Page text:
Local legislator’s bill signed into law

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 The “Student Religious Liberties Act” legislation sponsored by State Rep. Mack Butler (R-Rainbow City) became law on May 7 as Gov. Robert Bentley affixed his signature to the measure in a signing ceremony that coincided with the National Day of Payer. 

The bill was part of the House Republican Caucus’s “Alabama First” legislative agenda that GOP lawmakers announced at the start of the 2015 regular session.

“A series of federal court decisions over the last 50 years has continued to whittle away the rights to prayer and religious expression in schools,” Butler said. “But with the enactment of this legislation, the right to student-led prayer and religious expressions while on campus grounds is secured and protected in Alabama’s public schools. 

“I’d like to personally thank Governor Bentley for his support of this legislation and his recognition of the importance of student-led prayer.”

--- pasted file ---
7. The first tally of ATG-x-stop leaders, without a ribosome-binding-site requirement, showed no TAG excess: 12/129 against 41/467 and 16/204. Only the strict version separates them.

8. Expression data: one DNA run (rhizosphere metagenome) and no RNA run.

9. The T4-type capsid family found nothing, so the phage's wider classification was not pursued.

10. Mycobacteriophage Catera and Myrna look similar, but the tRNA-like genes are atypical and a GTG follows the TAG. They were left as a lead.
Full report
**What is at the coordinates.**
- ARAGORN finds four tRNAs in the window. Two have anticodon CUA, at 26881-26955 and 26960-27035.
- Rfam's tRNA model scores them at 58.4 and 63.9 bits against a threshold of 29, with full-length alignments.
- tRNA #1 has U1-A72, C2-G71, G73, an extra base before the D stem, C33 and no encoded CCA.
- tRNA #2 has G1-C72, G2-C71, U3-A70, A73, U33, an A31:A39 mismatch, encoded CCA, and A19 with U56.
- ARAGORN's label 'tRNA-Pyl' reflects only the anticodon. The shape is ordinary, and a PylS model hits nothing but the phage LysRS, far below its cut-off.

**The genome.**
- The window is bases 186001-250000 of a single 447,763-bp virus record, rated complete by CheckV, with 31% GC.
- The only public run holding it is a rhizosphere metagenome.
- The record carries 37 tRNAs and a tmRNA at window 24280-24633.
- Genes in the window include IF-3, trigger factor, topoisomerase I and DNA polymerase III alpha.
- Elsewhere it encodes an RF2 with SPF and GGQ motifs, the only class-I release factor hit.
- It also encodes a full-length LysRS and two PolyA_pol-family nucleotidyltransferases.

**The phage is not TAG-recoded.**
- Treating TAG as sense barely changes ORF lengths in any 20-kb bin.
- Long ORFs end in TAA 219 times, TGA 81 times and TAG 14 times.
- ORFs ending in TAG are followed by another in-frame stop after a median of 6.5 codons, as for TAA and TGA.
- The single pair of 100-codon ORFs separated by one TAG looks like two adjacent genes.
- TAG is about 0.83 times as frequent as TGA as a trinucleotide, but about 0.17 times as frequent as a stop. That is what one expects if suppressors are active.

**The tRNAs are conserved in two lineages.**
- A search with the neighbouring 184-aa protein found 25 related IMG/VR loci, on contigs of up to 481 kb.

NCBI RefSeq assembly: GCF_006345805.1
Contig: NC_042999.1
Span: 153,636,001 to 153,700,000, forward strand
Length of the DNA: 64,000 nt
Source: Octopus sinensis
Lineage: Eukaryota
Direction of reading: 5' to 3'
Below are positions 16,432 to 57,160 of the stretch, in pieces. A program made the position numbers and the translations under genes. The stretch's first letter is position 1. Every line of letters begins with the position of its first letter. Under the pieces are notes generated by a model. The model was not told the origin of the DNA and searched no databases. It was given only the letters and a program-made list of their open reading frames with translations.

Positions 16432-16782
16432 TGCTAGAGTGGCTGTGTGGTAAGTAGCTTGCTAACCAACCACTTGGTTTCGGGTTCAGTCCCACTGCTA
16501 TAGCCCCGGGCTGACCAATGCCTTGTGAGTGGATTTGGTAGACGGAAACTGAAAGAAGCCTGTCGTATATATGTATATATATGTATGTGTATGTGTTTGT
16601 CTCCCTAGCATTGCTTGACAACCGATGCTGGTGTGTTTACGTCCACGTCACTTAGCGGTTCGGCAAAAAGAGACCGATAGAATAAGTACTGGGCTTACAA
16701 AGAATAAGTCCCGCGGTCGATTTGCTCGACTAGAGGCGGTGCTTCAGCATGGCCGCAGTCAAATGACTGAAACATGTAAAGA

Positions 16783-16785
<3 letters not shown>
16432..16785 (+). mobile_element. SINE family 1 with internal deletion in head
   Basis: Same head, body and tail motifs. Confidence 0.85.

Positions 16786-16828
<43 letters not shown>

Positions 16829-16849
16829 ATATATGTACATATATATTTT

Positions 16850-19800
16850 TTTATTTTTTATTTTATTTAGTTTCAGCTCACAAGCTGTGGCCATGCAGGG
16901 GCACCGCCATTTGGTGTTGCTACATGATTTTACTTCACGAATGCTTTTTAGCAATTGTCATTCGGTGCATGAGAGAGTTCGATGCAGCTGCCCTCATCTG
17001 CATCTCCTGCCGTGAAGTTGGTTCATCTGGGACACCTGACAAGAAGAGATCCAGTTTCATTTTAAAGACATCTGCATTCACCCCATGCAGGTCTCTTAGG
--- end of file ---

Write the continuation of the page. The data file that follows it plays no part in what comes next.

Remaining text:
Butler, who previously served on the Etowah County School Board, noted that in 2000, then-Attorney General Bill Pryor released a memorandum that outlined guidelines for religious expression in schools and contained a list of generally permissible activities within schools and school-related events that had been court-tested.

Because of the threat of lawsuits from anti-religious and atheist groups, however, many school systems chose to halt religious expressions of any kind from taking place.

The provisions of the Student Religious Liberty Act require school systems to adopt and implement a policy regarding voluntary student expression of religious viewpoints.

“The U.S. Supreme Court has made clear that student-led religious activities are permitted in our schools, and this law simply ensures that students across Alabama are able to express their religious beliefs as allowed by the U.S. Constitution,” Butler said. 

“In addition, principals, counselors, classroom teachers, and others will now have a clear roadmap that guides them to what is allowable when students wish to profess their beliefs on school grounds.”

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